Columbia Library columns (v.7(1957Nov-1958May))

(New York :  Friends of the Columbia Libraries.  )



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  v.7,no.1(1957:Nov): Page 13  

Excerpts from John Erskine's Letters
to Melville Cane

October 3, 1906
My dear Melville:

I was dehghted to hear from you. Of course we want the Gilbert
talk,—and you inust not think of not giving it; it will do you good
to work it up and to give us a visit, and by that time your home
affairs will be in order again, 1 am sure.... You remember the
discussion of prayer that we had? Surely there is nothing unmanly
in the prayer of Solomon for a wise and an understanding heart;
with that gift, we can solve our own tangles, and I pray for it for
us both.

April 15, 1907

I'lTi delighted you liked the book.* It has had unifonnly good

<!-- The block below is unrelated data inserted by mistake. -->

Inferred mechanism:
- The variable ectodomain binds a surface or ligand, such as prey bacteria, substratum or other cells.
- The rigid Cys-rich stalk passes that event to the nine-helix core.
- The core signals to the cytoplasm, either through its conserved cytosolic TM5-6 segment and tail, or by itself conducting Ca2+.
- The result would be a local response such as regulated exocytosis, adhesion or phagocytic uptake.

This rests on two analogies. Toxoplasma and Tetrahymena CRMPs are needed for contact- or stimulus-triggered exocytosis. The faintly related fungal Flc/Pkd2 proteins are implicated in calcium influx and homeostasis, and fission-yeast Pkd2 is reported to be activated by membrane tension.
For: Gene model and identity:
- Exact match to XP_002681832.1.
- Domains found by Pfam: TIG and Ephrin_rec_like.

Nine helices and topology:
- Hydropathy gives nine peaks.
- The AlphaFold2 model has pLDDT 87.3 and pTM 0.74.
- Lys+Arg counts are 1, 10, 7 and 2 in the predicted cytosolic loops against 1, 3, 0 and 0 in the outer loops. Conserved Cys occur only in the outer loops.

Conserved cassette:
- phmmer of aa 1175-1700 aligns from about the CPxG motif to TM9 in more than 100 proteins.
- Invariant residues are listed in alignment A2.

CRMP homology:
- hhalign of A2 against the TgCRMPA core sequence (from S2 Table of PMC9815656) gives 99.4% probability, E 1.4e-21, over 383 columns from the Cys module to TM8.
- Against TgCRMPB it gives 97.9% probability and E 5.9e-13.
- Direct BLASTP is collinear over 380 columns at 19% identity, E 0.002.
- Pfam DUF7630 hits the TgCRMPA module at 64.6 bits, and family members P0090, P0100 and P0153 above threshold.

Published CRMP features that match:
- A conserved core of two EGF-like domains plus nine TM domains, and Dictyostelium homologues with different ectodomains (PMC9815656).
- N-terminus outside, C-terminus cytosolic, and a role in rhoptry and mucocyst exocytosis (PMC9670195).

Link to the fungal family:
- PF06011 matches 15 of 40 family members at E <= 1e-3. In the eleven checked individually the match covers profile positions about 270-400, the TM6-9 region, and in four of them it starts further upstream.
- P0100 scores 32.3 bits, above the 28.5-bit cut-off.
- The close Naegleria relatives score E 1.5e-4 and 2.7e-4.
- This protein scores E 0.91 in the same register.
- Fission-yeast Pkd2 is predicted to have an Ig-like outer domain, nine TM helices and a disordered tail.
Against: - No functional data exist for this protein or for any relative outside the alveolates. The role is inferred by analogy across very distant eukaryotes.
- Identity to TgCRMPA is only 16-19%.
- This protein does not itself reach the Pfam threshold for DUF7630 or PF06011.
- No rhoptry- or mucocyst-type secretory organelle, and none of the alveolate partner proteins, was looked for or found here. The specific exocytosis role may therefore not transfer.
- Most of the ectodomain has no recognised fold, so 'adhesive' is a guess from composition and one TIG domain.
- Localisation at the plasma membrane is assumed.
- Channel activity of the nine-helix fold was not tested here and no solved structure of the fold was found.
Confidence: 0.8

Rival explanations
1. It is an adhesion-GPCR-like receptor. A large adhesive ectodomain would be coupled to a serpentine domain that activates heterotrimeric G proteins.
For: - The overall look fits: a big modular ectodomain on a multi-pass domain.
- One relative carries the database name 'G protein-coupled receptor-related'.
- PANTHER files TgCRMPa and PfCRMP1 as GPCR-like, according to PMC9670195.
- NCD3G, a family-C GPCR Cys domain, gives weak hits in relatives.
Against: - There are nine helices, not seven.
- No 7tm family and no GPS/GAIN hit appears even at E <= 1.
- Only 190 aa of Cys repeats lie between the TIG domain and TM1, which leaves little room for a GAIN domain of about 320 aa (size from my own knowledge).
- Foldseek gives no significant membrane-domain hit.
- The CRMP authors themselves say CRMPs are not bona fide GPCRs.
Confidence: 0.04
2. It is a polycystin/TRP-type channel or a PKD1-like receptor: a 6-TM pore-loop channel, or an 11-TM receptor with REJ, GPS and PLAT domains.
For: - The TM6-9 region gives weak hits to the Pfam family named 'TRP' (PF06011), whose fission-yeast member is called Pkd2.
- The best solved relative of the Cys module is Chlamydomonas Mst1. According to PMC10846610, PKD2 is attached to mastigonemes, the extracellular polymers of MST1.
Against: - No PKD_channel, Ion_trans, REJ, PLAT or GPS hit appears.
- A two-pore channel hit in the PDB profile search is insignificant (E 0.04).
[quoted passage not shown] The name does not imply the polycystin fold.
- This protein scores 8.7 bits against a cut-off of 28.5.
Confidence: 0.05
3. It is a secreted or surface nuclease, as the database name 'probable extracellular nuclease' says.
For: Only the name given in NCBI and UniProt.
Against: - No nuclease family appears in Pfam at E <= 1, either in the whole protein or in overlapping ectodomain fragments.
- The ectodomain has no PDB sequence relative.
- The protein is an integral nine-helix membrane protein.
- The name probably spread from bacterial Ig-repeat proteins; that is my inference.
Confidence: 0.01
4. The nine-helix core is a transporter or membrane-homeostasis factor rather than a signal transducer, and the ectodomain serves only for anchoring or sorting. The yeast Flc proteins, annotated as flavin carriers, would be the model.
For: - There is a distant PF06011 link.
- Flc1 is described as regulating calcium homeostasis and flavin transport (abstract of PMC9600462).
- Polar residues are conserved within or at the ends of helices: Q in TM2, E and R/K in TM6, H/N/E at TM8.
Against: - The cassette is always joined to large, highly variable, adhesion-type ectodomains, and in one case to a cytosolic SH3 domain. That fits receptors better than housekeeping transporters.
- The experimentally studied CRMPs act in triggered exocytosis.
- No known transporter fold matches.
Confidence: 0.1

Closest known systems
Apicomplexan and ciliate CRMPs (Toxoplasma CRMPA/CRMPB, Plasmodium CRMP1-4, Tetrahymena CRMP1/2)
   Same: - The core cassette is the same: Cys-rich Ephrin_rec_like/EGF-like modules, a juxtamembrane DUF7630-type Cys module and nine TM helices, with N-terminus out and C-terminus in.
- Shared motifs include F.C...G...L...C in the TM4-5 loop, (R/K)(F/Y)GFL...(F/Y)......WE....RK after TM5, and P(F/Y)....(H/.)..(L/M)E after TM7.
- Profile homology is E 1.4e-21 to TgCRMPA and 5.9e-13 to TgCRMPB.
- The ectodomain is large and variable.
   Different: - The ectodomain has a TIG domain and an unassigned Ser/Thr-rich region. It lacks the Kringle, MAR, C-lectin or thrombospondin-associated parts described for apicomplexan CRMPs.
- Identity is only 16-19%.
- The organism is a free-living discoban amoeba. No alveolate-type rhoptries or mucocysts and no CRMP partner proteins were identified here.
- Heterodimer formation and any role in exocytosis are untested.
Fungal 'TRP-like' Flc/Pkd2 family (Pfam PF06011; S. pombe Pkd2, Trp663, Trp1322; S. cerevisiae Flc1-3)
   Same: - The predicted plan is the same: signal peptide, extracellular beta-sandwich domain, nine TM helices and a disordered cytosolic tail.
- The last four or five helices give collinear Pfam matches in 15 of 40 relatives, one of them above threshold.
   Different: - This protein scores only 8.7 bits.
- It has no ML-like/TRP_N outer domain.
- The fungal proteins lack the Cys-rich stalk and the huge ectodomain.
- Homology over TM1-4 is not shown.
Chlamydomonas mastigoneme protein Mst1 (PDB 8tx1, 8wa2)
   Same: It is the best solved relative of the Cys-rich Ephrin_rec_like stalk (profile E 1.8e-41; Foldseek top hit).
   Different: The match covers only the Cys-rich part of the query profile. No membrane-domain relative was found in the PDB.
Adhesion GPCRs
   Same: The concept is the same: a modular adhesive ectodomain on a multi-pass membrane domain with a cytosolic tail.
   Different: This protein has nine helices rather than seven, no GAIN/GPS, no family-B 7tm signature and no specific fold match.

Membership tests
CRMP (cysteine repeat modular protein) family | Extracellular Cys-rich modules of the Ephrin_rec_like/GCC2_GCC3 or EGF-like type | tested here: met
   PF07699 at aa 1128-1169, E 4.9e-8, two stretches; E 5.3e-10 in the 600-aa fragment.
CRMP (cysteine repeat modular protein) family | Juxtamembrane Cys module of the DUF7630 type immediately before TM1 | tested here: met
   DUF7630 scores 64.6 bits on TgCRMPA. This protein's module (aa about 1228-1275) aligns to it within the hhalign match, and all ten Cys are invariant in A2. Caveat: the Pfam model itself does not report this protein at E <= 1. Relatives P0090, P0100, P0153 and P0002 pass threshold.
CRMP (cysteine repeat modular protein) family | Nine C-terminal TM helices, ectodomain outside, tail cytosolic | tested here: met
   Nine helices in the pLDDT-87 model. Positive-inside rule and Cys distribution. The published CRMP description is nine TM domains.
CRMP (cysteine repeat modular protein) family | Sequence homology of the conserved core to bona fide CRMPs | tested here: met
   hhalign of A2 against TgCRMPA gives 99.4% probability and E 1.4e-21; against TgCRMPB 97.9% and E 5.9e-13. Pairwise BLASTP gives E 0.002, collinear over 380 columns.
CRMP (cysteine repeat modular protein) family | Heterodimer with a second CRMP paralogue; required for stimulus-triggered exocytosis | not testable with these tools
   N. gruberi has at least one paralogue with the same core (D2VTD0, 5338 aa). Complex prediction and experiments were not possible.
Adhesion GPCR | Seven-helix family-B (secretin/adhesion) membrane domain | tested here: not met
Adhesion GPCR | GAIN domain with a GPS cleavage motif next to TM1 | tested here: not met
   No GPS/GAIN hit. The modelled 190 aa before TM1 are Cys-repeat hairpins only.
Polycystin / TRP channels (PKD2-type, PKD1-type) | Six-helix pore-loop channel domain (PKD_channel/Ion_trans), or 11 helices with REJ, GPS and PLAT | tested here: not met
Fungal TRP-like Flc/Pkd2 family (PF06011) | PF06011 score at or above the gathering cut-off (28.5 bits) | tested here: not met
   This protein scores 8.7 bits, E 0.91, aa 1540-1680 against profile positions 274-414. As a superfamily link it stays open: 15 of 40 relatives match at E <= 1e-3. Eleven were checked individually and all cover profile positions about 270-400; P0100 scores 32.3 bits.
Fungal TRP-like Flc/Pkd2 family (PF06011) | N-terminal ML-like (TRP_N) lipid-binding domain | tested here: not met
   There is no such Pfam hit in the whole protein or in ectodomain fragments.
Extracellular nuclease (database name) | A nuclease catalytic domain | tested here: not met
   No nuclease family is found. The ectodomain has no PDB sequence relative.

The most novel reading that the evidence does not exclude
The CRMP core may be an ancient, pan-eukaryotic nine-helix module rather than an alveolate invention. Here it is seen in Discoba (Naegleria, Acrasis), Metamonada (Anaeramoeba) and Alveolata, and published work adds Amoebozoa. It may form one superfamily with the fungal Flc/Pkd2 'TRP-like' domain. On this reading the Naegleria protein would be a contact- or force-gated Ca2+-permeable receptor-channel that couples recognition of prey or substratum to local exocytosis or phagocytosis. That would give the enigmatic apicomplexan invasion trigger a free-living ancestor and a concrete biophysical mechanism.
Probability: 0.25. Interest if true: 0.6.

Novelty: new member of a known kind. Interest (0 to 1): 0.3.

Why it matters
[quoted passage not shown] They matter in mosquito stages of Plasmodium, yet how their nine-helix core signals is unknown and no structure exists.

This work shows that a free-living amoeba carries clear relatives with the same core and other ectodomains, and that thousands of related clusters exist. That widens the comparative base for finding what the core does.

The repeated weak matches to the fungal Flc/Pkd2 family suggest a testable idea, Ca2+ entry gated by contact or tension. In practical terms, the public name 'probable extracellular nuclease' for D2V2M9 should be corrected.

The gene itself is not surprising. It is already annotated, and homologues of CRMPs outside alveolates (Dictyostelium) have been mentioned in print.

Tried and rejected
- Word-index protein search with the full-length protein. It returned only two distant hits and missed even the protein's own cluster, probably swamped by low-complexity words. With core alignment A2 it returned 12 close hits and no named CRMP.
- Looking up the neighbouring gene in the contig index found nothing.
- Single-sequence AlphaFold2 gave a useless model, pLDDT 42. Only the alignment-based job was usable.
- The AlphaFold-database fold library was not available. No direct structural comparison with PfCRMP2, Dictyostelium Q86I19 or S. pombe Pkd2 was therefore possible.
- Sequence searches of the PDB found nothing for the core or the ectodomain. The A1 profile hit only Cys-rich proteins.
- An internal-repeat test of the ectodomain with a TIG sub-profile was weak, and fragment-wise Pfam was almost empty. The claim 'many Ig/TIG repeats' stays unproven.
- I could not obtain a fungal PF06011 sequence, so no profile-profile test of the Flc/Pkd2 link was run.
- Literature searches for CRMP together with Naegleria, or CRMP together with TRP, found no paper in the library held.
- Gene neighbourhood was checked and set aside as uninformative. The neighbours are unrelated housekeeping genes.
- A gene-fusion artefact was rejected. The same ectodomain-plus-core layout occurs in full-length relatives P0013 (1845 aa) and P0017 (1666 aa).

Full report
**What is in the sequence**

notices, except from the Boston Transcript, which said I might write
when I had forgotten my Greek. All of the reviewers seem to
think the book better for expression than for substance—which at
first hurt a little, as my heart happens to be written all over it,
quite as much as Ledoux's is in his book, but I haven't that manner
of taking the public into mv confidence. After I had thought of it,
however, I realized that it is a young man's work, and probably
there isn't anything in it of value for substance. We must learn to
be humble. Woodberry wrote me such a letter about it, that I can
well afford to forget what other people, less kindly, have said.

June 23, 1907
You ask for some poetry or prose. The poetry I will send a bit
later; several things are in an unfinished state, which I hope to
round out over Summer. There is a bit of prose-poetry from my
new book, the first chapter of which I send to you (Houghton
Mifflin have given no decision yet on the volume)....
* Actaeon and Other Poems (New York, John Lane, 1906)

  v.7,no.1(1957:Nov): Page 13